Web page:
Saturday, January 16, 2021


Why have children write with their wrists when you can motivate them with these creative movements?  These techniques can be used with younger children to practice writing strokes or letters.  Use them with older students to write spelling words or vocabulary.

Hint! The teacher will need to “mirror” these strokes.

Invisible Writing
Children extend the middle and index finger and write in the air as they keep their elbow stiff.

Writing Wand
Tape strips of tissue paper to a popsicle stick for air writing.

To practice writing numerals, letters, etc. give children a 9” inch section of a swim noodle. They can use both hands to write in the air (activates both sides of the brain.) Say, “Statue of Liberty” when you want them to listen and hold their noodles in the air.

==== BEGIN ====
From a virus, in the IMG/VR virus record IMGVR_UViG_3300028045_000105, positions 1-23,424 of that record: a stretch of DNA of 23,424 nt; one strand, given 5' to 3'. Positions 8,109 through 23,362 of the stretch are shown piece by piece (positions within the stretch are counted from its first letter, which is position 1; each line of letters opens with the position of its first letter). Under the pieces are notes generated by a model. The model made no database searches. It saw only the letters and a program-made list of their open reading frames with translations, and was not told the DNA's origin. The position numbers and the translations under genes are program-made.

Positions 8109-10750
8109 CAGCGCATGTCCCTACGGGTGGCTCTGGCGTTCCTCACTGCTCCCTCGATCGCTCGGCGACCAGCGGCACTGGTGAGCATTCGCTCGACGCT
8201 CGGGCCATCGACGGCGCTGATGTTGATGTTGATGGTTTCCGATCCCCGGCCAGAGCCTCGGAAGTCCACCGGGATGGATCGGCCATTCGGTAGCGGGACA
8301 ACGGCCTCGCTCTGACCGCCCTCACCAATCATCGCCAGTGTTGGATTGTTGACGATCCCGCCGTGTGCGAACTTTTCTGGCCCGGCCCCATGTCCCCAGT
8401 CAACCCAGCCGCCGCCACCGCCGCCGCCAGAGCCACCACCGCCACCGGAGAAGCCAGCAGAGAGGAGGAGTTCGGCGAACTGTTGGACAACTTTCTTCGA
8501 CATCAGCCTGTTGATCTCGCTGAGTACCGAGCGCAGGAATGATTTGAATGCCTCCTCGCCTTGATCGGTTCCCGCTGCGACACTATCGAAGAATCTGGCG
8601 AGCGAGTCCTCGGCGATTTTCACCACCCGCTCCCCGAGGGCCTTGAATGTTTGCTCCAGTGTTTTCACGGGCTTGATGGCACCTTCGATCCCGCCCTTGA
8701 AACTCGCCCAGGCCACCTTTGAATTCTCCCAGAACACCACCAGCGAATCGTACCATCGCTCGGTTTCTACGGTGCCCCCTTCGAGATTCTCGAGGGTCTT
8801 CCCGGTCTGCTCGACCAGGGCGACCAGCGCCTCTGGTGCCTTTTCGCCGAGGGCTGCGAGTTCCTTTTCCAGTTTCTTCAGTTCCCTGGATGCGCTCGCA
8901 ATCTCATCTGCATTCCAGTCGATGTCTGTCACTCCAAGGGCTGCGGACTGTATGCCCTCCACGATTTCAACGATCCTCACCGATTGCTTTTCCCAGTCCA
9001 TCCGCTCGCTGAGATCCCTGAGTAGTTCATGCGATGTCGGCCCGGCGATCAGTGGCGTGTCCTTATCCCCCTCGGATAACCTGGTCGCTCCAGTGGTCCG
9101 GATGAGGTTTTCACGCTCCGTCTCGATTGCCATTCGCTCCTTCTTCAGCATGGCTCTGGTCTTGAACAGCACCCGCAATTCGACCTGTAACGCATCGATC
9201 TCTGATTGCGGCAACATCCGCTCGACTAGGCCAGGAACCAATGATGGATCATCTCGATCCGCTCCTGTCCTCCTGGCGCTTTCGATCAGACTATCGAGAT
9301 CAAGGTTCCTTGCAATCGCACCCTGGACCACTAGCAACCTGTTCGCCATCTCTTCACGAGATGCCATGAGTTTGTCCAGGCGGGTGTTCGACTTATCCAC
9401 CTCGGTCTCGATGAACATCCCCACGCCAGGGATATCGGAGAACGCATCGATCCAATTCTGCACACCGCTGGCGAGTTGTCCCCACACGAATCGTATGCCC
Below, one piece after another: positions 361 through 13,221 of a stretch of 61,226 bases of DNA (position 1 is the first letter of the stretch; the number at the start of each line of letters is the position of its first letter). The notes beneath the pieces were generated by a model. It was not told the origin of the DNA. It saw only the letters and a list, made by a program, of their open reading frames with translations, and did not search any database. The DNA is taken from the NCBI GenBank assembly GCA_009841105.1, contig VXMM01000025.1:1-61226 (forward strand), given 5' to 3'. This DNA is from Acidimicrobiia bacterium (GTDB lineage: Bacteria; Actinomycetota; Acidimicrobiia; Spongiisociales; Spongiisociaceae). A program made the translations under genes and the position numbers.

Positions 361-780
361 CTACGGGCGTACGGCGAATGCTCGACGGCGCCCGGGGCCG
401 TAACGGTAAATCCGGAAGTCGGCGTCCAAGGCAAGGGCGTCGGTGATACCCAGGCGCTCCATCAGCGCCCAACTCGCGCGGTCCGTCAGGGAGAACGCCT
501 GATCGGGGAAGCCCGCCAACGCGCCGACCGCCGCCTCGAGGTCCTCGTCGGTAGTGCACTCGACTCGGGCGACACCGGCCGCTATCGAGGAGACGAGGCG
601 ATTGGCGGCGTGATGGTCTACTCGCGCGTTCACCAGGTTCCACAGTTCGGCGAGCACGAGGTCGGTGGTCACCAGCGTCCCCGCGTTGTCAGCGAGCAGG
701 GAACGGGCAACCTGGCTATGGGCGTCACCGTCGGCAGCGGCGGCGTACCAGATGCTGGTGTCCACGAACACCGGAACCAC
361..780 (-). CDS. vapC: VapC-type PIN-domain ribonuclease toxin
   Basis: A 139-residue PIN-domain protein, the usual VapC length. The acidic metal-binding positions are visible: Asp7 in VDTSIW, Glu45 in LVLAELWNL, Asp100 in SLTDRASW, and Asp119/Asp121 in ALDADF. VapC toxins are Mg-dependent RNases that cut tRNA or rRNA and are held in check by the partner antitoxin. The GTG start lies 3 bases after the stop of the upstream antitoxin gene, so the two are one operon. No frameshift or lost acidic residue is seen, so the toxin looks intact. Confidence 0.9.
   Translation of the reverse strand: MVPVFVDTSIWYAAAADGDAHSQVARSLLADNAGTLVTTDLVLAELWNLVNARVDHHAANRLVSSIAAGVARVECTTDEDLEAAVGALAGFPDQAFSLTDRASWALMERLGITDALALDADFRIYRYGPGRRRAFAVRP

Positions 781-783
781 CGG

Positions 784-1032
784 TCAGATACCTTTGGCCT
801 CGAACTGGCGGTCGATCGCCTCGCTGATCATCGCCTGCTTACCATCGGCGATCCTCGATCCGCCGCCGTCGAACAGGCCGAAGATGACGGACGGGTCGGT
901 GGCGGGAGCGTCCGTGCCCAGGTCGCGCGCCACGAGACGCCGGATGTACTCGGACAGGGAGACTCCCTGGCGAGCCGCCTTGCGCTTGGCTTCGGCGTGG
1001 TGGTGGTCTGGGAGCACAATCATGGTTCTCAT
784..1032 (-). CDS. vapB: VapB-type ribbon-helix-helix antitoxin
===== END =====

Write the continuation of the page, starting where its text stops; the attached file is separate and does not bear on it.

Midline Writing
Activate both sides of the brain by extending the index finger from both hands as you write in the air.

Tummy Writing
Children lay on the floor and extend one finger above their head. Children use that finger to trace shapes, letters, etc. on the floor.

Palm Pilot
Children hold up one palm and trace letters on it with the index finger from the other hand. Take it to the brain!

Back Writing
Children practice writing on each other’s backs.

Hint! Stand in a circle and face right. The teacher models how to write on the first child’s back. The first child repeats it on the second child’s back and it continues around the circle.

Body Parts
Practice making shapes, letters and numerals in the air with different body parts, such as the elbow, foot, nose, belly button, chin, etc.

Hint! Let a different child choose the body part you use each day.

Letter Claps
Hold hands in the air touching and make little claps as you make the shape of the letter and alliterate the sound.

More! Let children write letters with shaving cream on a table, in the sandbox, on the board with a wet sponge, or with chalk on the sidewalk.